Founded in 2003, Mismo has rapidly earned itself a highly renowned reputation within the luggage industry and is often recognised as timeless due to the brand hardly changing it's product over the past decade or so. The masterminds behind the Mismo brand, are the husband and wife team Alexander Bach and Rikke Overgaard. The duo first met at business school in 2001, however the foundations for Mismo began long before that due to their families rich backgrounds in architecture and engineering. Neither had any background in fashion but despite this the pair both had the desire to create something unique, this was instilled in them through the entrepreneurship focus of the marketing and economist program they both studied.
When the duo graduated in 2003, the landscape for men's accessories was a barren one. There was a gap in the market between luxury brands like Hermes and Mulberry and classic luggage brands like Samsonite, which Bach and Overgaard chose to exploit. With the sales of laptops on the rise, the gap in the market was becoming even greater and having just graduated, the duo felt there was no time like the present to get started on their brand.
From the outset, the aim of Mismo was to oppose the preferred, logo centric products that were saturating the market at the time, with their stripped down to the basics, Scandinavian design philosophy, that used good fabrics and good materials in order to provide more functionality.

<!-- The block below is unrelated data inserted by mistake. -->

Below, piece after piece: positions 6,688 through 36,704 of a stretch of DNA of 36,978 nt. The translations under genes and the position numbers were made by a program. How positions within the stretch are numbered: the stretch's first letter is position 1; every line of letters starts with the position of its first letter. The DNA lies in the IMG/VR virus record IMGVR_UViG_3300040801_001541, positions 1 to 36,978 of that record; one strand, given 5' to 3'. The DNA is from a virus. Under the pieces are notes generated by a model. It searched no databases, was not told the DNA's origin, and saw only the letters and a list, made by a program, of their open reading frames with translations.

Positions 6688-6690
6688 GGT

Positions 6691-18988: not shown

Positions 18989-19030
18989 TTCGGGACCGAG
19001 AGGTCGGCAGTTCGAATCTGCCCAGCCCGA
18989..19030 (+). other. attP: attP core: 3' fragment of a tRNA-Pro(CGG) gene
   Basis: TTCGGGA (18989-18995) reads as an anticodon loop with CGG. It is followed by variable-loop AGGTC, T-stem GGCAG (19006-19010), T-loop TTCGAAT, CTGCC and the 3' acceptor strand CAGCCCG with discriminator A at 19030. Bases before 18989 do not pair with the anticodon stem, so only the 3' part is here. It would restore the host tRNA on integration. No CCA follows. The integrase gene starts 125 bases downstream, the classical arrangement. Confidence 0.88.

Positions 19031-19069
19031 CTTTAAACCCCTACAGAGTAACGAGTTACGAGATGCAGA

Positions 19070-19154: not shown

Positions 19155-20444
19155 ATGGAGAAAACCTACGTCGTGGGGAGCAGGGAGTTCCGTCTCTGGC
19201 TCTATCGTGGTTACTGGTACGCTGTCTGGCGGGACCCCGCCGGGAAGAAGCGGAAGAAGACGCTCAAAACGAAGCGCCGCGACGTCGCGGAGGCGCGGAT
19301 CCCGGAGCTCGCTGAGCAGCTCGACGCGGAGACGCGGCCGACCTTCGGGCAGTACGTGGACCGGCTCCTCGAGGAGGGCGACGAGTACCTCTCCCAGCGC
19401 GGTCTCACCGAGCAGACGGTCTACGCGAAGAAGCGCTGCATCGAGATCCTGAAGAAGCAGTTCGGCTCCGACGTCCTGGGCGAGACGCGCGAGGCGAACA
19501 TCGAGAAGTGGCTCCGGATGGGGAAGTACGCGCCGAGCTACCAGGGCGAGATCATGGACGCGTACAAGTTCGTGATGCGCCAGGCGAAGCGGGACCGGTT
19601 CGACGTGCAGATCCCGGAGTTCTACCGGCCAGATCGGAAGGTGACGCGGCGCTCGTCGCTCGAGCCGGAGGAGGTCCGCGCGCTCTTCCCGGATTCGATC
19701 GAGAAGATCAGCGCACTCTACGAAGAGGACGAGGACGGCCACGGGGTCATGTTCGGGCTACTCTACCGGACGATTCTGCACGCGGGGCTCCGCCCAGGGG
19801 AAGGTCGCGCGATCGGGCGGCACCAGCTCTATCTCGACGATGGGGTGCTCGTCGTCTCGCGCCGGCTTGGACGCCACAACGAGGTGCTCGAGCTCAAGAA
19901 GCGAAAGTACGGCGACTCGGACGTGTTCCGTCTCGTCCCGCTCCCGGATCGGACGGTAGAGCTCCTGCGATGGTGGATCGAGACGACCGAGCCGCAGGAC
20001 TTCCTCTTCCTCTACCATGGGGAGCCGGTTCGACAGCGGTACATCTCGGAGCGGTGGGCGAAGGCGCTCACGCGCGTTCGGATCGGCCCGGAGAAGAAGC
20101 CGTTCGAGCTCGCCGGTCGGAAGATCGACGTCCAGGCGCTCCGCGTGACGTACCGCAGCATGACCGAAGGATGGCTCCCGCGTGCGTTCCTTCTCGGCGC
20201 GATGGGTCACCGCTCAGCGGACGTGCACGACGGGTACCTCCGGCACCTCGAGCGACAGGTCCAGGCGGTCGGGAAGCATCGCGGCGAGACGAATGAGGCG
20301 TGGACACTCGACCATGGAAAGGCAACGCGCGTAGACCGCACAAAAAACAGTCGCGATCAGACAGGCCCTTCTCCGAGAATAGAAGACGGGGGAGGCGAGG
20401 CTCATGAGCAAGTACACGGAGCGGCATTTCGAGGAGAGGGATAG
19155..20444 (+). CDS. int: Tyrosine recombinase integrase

The idea of starting something based on a hole in the market can often be seen as a very cold business technique, however, Bach and Overgaard were equally as focussed on creating good product as they were making money. With every functional product you need reliable materials and a factory to create the product in. With this in mind, the duo focussed heavily on getting the supply chain right. having tried and tested a few factories, they eventually settled with Limonata, an Italian fabric producer founded in 1893. Having established a relationship with Limonata, they were given access to some of the newer fabrics that the bigger companies didn't wan't to take on yet, allowing them to create some pretty unique products.
When Mismo first launched, the brand initially intended to sell it's products in design and furniture stores, which sounds bizarre but come 2008 when they launched their new line it made sense as the recession hit. The production timing of creating bags didn't suit the longer lead furniture and design schedule, at this point they transformed the whole business to suit the fashion production schedule.
Whilst conforming to the so called fashion requirements, it was important to Bach and Overgaard that Mismo came across as fashionable without actually being a fashion brand. This made sense as there is no seasons in contemporary day to day luggage, there's no summer or winter collection, Mismo simply provide their basics year on year with a few extras every now and again. Buyers gradually picked up on this at trade shows and instead of asking 'Whats New?' began just adding a few pieces to their standard order.
Now, 12 years on from Mismo's foundation, Bach and Overgaard are happy with where the brand is at in terms of it's growth. Whilst the brand states that they're still a relatively small company they are quick to let you know that whilst their products aren't mass produced they're not made in a tiny studio either. There's currently 60-70 accounts worldwide and although they acknowledge theres potential for growth they're 'not looking to have 300 plus accounts'.
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